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GOP platform: IFF does the thinking for you

Chuck Malloy

It’s easy to see why some Republicans don’t fit the mold of Dorothy Moon’s stale old party.

Generally, they vote for education budgets and think that programs – such as Launch – are creative approaches to keep young people in the Gem State. They oppose having taxpayer dollars to private schools and resist the notion that public libraries are glorified porn shops.

These legislators are independent thinkers, not guided by a “integrity in affiliation” doctrine, and they don’t consult with the Idaho Freedom Foundation before casting their votes.

So, the likes of Reps. Stephanie Mickelsen of Idaho Falls (first term) and Lori McCann of Lewiston (second term) are not going to get backing from their Republican central committees. Mickelsen was told she was not welcome to run as a Republican and McCann was publicly censured by party leaders in her area.

Mickelsen and McCann are not alone. A number of legislators throughout the state have been rejected in some form by central committees. Some wayward legislators have been invited to seek “guidance” from party leaders in the effort for them to mend their ways.

Kool-Aid, anyone?

Don’t expect Mickelsen and McCann to show up for those “guidance” sessions. But they view themselves as proud Republicans, and they are not going to let anyone deter them from running as such.

The stakes in this election go beyond a few legislative seats. Moon’s future as chair will be on the line, with spirited challenges in party precinct races. McCann and Mickelsen are seeing in their areas folks who are fed up with what Moon and her followers have brought to the party. Precinct races helped put Moon in power, and they also could boot her out if the turnover rate is heavy enough.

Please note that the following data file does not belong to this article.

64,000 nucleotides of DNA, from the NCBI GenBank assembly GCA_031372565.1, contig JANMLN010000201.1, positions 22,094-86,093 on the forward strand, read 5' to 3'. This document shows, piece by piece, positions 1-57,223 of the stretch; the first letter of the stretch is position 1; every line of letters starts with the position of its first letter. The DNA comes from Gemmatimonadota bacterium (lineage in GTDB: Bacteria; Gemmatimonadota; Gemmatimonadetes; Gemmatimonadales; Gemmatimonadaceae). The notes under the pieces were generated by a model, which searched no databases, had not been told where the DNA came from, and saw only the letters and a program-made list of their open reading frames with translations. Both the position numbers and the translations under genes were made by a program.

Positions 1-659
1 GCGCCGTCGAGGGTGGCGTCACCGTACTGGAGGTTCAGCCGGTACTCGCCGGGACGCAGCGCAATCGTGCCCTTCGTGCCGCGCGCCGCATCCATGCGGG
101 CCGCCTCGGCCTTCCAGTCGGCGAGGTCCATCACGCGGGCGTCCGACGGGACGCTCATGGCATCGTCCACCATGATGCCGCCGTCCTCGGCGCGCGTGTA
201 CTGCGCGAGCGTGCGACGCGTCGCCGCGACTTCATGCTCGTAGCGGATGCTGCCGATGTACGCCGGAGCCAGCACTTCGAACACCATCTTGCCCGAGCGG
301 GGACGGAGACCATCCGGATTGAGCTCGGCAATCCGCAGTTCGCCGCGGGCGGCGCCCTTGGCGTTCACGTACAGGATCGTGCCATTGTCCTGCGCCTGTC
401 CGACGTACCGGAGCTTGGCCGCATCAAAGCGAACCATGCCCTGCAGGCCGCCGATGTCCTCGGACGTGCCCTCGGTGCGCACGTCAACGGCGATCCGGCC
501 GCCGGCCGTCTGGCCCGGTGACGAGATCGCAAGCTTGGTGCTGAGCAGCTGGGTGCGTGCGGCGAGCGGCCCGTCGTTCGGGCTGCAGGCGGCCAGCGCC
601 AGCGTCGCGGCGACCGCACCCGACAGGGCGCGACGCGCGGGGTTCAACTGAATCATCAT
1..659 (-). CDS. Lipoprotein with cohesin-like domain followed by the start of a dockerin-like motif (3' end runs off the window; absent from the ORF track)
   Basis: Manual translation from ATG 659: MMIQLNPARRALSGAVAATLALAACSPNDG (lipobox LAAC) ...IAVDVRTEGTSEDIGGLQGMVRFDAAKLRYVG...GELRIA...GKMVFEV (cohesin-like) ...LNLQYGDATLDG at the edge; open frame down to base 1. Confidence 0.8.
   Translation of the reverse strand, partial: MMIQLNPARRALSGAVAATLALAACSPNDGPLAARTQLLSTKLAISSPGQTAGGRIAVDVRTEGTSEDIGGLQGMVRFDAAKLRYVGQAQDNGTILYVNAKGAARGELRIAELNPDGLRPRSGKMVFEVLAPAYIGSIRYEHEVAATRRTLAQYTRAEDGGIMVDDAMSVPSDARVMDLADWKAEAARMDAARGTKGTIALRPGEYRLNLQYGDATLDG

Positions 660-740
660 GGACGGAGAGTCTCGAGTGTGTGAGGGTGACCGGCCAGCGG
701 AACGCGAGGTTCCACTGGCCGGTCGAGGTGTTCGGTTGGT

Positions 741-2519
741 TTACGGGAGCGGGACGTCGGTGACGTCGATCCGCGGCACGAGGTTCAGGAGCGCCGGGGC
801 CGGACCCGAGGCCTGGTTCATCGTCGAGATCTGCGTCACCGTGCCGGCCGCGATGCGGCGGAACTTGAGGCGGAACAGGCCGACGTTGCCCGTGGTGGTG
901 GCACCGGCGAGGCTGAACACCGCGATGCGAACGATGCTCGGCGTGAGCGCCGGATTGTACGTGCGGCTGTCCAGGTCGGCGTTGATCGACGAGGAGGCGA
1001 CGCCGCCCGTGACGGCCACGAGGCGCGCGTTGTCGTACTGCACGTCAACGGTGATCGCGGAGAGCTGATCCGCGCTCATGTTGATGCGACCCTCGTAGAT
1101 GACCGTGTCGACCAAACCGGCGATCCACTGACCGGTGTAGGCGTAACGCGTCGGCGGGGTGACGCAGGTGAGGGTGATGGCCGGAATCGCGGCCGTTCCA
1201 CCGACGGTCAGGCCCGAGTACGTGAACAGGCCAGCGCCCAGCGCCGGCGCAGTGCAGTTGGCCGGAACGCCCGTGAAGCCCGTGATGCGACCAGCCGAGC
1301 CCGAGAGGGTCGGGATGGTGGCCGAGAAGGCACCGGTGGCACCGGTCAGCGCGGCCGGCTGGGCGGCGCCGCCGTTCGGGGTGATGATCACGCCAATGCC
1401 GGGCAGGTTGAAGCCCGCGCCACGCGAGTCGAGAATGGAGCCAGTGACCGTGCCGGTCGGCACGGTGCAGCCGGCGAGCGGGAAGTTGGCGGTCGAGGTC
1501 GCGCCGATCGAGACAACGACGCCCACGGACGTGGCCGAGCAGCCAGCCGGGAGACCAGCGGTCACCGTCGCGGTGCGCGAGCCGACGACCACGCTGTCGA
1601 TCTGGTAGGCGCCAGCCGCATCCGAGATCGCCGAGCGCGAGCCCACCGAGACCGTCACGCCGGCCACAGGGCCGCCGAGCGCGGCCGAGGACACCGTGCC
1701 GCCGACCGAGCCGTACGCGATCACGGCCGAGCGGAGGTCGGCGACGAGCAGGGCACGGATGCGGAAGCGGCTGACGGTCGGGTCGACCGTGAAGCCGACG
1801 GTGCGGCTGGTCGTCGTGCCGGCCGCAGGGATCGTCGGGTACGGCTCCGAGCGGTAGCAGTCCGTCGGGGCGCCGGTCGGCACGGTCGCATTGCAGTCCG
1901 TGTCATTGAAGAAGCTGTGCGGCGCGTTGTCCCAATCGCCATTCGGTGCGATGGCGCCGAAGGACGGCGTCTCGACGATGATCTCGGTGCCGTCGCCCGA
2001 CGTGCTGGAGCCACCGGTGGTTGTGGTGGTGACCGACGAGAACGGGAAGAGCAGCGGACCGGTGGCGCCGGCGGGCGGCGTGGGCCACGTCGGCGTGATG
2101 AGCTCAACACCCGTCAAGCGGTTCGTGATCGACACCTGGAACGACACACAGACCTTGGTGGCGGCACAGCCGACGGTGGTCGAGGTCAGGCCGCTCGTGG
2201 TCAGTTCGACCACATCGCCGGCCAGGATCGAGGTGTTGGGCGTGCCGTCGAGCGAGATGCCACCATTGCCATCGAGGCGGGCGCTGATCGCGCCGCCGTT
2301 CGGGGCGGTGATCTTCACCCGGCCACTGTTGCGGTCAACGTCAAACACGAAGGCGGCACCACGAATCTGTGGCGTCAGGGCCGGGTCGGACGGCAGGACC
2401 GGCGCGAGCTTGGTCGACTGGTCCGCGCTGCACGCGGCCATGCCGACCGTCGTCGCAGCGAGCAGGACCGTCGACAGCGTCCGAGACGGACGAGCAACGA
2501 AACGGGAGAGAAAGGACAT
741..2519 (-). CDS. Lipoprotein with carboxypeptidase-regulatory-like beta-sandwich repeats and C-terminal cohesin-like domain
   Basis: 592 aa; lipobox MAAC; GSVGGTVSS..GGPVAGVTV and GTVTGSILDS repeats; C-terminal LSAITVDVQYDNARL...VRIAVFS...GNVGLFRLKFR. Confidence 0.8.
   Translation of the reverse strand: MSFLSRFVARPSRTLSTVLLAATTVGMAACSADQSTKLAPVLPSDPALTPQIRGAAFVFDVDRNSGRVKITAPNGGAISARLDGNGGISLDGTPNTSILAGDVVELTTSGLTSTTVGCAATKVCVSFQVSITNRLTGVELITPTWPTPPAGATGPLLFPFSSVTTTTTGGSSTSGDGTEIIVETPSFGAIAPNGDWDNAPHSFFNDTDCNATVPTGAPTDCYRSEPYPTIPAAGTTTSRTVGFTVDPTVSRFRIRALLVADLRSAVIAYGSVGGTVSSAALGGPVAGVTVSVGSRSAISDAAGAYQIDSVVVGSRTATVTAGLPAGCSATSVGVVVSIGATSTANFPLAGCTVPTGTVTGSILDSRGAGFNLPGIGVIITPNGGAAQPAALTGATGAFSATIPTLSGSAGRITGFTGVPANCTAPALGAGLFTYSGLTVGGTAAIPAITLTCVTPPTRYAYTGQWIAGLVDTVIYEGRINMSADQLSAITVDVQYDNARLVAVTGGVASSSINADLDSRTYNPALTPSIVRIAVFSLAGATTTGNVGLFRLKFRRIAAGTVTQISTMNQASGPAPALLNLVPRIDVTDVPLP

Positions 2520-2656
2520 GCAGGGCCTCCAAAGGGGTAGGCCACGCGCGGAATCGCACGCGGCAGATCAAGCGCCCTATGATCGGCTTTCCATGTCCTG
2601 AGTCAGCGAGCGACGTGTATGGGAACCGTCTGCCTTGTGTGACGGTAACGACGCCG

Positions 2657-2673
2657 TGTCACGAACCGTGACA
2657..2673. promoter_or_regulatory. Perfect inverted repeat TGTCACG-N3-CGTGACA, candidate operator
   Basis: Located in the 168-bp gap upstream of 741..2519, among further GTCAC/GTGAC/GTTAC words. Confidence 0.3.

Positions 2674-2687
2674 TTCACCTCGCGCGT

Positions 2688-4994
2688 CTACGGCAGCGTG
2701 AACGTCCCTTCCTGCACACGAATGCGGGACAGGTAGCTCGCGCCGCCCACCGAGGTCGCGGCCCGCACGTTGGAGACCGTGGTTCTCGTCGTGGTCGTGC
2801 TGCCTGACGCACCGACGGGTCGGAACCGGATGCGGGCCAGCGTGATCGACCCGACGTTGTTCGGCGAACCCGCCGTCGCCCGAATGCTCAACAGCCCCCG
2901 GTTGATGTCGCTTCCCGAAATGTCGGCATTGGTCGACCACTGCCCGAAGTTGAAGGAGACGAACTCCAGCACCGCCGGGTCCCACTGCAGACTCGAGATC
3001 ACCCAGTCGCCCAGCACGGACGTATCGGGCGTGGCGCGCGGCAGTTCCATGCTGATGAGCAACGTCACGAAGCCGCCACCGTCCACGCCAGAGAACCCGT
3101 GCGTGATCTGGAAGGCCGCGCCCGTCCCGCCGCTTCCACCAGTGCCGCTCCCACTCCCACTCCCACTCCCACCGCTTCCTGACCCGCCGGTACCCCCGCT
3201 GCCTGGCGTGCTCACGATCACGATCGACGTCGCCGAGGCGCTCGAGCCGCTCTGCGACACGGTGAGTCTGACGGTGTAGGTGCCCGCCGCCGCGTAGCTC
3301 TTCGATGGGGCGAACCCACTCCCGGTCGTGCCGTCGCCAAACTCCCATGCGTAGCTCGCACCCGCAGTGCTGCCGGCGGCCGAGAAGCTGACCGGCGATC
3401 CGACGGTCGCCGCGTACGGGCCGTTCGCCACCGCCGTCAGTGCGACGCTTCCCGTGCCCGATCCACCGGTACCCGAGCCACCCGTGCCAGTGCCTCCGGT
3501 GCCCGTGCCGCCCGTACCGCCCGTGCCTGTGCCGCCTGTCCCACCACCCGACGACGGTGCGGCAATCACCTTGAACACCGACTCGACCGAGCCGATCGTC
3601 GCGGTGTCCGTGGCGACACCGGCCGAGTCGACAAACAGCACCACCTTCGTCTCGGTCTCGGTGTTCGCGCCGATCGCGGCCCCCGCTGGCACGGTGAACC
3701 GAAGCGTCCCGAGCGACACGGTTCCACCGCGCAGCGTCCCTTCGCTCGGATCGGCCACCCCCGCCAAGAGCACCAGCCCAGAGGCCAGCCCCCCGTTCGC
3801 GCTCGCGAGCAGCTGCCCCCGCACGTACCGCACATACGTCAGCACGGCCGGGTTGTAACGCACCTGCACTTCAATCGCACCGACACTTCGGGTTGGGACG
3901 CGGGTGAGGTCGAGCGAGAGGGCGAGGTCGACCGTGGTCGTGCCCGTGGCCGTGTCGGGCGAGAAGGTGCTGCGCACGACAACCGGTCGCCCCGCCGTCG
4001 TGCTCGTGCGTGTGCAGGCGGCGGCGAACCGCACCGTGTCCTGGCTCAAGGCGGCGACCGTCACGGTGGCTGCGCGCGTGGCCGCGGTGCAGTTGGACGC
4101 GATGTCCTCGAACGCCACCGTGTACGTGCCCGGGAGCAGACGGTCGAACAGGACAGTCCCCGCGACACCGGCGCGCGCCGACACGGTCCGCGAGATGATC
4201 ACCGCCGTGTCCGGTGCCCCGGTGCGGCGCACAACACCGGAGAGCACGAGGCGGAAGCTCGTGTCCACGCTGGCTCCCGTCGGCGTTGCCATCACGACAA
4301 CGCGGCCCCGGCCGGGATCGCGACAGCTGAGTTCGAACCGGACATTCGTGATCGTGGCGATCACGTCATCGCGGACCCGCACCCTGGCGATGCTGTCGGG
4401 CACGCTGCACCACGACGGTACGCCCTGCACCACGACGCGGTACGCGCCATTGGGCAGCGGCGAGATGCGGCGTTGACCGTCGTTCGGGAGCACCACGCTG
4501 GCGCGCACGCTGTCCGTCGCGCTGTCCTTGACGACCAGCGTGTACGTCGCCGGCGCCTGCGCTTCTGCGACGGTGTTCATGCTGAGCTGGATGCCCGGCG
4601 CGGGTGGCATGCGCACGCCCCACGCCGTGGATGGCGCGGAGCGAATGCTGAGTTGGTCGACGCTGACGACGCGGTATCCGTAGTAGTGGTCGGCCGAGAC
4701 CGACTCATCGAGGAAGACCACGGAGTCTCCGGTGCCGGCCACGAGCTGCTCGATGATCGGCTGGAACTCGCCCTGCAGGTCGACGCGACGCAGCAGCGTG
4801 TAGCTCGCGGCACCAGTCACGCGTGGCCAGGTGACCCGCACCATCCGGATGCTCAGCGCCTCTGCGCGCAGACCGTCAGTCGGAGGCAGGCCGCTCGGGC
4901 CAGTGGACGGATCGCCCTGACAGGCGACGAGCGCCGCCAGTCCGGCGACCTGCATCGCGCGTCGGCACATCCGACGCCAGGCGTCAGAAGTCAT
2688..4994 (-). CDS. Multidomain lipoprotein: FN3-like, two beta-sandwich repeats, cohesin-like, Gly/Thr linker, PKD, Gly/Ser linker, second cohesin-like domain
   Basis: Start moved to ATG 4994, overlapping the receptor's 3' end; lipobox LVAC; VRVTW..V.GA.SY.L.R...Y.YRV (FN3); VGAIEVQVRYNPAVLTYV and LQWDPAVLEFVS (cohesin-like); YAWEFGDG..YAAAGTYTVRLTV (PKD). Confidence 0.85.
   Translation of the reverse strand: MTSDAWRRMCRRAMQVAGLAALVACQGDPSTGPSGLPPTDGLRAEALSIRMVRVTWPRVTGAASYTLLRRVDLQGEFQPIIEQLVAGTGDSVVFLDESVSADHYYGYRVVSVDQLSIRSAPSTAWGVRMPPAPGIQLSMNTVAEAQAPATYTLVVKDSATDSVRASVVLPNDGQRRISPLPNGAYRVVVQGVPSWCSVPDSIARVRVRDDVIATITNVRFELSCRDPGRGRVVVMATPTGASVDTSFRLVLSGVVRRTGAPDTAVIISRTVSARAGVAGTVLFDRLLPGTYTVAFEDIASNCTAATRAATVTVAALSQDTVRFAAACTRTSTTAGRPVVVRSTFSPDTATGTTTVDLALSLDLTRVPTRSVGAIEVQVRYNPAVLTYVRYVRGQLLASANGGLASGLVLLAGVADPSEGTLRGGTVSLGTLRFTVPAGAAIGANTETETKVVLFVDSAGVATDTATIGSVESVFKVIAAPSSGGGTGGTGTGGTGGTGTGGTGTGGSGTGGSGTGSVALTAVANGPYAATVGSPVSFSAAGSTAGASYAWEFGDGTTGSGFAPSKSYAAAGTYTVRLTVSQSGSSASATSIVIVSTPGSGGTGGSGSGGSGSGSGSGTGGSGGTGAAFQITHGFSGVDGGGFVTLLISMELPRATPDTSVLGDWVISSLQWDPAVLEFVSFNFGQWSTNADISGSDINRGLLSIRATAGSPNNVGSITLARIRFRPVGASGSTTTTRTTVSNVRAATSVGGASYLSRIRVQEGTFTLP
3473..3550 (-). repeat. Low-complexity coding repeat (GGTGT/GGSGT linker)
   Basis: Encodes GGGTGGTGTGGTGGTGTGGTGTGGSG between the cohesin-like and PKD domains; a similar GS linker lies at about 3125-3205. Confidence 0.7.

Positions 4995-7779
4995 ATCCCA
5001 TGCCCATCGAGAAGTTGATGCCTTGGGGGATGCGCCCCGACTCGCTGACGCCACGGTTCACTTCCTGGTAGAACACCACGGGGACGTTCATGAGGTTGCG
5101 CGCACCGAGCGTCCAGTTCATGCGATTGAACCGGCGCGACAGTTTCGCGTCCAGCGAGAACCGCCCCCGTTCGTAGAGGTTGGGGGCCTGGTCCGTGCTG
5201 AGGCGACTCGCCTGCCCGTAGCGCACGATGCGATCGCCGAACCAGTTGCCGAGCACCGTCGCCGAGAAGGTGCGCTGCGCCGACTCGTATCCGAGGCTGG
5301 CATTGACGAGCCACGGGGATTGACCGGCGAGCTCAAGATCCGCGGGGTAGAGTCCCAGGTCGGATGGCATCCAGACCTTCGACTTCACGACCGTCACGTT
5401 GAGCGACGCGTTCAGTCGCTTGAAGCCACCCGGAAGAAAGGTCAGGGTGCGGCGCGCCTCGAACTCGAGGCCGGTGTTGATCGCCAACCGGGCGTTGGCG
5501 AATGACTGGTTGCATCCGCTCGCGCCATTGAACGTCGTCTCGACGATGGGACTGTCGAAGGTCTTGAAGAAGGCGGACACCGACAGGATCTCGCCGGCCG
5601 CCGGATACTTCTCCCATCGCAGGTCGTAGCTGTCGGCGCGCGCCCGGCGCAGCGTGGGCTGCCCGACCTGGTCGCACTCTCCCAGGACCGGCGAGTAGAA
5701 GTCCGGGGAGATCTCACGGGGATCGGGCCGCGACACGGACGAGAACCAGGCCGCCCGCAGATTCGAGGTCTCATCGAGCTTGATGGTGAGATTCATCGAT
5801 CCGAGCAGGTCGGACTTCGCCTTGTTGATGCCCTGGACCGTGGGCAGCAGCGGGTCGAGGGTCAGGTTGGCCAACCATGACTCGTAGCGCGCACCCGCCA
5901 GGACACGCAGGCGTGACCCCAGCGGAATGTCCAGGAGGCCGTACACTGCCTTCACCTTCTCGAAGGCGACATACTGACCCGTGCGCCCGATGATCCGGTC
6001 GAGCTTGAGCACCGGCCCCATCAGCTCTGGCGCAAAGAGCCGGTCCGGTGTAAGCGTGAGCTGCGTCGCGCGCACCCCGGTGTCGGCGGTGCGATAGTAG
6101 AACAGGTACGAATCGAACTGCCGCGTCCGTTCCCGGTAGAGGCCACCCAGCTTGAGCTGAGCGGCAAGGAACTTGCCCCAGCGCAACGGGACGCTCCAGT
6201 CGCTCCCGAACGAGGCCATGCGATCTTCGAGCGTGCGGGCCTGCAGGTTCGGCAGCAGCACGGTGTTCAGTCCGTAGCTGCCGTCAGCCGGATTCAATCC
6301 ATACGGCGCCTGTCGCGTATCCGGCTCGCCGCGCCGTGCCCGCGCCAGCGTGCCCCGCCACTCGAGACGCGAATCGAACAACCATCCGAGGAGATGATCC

As for her House position, McCann says she’s proud to run on her record. “Let’s fix the problems in the state that should be fixed, like education, public safety and agriculture. Why do we bring up a bill on cannibalism?”

In the end, she said, “It is the people who elect me – not the central committee and not the party. If I’m not doing a good job for the people, the ballot box will take care of that. The party should not be doing that – picking winners and losers in the primary.”

Mickelsen thinks that efforts by the Bonneville central committee will backfire, and that jilted legislators will prevail.

“People are beginning to realize that the central committee does not reflect the values of our community,” she said. “They (the central committees) basically are trying to take away the right of the voters – saying their voices count more than the voters. The voters have a way of taking care of those who are not Republican enough, or conservative enough, at the ballot box.”

Mickelsen says her record reflects that she is both Republican and conservative enough for her district – at least on the issues that matter, such as property tax relief and lowering the income-tax rate.

The two lawmakers are not going to end efforts from the right.

“Right now, candidates for legislative offices are likely inundating you with campaign literature,” said Ron Nate of Rexburg, president of the Idaho Freedom Foundation. “They are probably telling you how conservative they are, and how they spend your hard-earned tax dollars wisely. For some lawmakers, those statements are true. For others, those things couldn’t be further from the truth.”

The proof, he said, can be found in the IFF’s “Freedom Index,” which grades legislators on a variety of issues. This year, the IFF has added a “Rubber Stamp Club,” those legislators who support almost all spending bills.

“The government’s growth has outpaced inflation and population gains,” Nate says. “That means lawmakers are spending more than ever, while telling you they aren’t.”

Moon says the party’s “integrity in affiliation” is not an attempt to “purify” the party, but to inform voters about the platform and what candidates are supporting it.

“The platform represents the political positions of the Republican grassroots,” she said. “Every two years, delegates gather in a beautiful Idaho city to debate new planks for the platform. Changes or additions are first debated in the Platform Committee and then ratified by the convention as a whole.”

We’ll see how the platform committee looks after the primary elections, or if Moon holds onto her job as the state party chair.

Chuck Malloy

Chuck Malloy

Chuck Malloy, a long-time Idaho journalist and columnist. He may be reached at [email protected].

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